The Architecture of Dr. Seuss – A Brief History
Theodor Seuss Geisel, also known as Dr. Seuss, was a prolific architectural thinker. His experimental drawings show speculative domestic architectures: houses and pueblo-like villages with oddly sloped roofs, multiple off-set levels, and wild color schemes, always looking as if they were on the verge of falling over. They were something like a cross between an overgrown victorian house and a small shanty made of tin and wood. Lebbeus Woods was probably inspired by Dr. Seuss.
Dr. Seuss, Architect. Image via seuss.wikia.com
Lebbeus Woods, Underground Berlin,<1988. Image via Domus
In Willow, Alaska, a now-abandoned 12-story house sits mysteriously in the middle of the wilderness outside of Anchorage. The towering wooden structure resembles a stack of houses, each smaller than the next as it climbs toward the sky. The quirky tower is as weird and wonderful as Dr. Seuss‘ unbuilt works, and the townspeople have named it Dr. Seuss House. It is on private property, but you see it by driving by or taking a helicopter tour.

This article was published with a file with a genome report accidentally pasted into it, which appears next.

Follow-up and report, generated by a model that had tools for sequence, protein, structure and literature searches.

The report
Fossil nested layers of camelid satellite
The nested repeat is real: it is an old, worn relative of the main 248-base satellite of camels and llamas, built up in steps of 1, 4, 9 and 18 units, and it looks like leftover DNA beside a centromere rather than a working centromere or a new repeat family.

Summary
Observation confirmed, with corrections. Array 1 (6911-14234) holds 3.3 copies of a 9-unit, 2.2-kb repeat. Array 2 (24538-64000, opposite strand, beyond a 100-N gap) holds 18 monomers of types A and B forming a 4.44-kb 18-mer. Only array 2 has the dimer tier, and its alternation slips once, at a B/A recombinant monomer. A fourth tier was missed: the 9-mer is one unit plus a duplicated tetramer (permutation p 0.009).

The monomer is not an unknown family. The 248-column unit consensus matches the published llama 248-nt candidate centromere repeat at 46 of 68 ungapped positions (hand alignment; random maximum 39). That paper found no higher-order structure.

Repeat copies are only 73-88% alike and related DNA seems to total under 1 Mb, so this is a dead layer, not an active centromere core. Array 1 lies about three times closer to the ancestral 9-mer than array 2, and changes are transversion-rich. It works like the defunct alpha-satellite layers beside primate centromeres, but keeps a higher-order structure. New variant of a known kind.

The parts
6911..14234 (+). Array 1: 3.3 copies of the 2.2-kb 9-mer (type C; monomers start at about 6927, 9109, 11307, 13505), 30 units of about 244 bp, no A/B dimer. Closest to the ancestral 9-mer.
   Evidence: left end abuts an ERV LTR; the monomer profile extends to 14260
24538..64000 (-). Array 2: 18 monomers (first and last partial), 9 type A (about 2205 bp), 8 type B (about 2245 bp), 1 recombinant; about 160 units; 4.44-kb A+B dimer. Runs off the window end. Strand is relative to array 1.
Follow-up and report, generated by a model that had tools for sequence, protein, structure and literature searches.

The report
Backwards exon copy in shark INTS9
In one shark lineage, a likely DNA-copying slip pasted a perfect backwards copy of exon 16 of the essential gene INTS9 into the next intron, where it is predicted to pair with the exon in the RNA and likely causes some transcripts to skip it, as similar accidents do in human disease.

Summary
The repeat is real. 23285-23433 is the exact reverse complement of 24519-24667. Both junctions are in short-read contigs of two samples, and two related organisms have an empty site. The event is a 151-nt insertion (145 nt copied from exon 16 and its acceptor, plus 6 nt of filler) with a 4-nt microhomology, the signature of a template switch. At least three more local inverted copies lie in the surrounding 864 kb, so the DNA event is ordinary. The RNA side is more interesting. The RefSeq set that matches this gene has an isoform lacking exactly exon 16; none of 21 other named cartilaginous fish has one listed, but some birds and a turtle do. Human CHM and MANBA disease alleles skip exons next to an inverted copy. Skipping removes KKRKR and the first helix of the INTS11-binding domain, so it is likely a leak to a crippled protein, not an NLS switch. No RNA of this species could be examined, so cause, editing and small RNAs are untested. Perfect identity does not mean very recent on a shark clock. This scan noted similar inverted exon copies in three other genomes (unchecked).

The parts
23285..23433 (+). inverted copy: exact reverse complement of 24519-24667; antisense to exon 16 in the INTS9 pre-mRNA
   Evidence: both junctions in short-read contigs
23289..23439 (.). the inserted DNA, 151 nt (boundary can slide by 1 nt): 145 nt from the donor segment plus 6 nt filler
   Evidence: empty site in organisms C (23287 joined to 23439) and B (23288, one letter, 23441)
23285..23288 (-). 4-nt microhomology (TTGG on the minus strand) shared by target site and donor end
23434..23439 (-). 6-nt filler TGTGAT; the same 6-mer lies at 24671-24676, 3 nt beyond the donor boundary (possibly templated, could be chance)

Alaska’s Dr. Seuss House. Image via roadtrippers.com.
Alaska’s Dr. Seuss House. Image via Road Trippers.
Dr. Seuss was inspired by architecture, and it is rumored that his famous Whoville is based on the Massachusetts town of Easthampton and nearby Mt. Tom. However, he also inspired many amateur designers, including many treehouse designs, from the simple to the fantastic.
In an odd turn of architectural fate, the Geisel Library at San Diego State University by William Pereira is named for Dr. Seuss. It is one of the classic 1960s American campus Brutalist treasures, with Seussian, gravity-defying concrete levels that expand outward toward the sky. The closest that architects have come to actually making the architecture Dr. Seuss might be husband and wife artist duo Arakawa and Gins.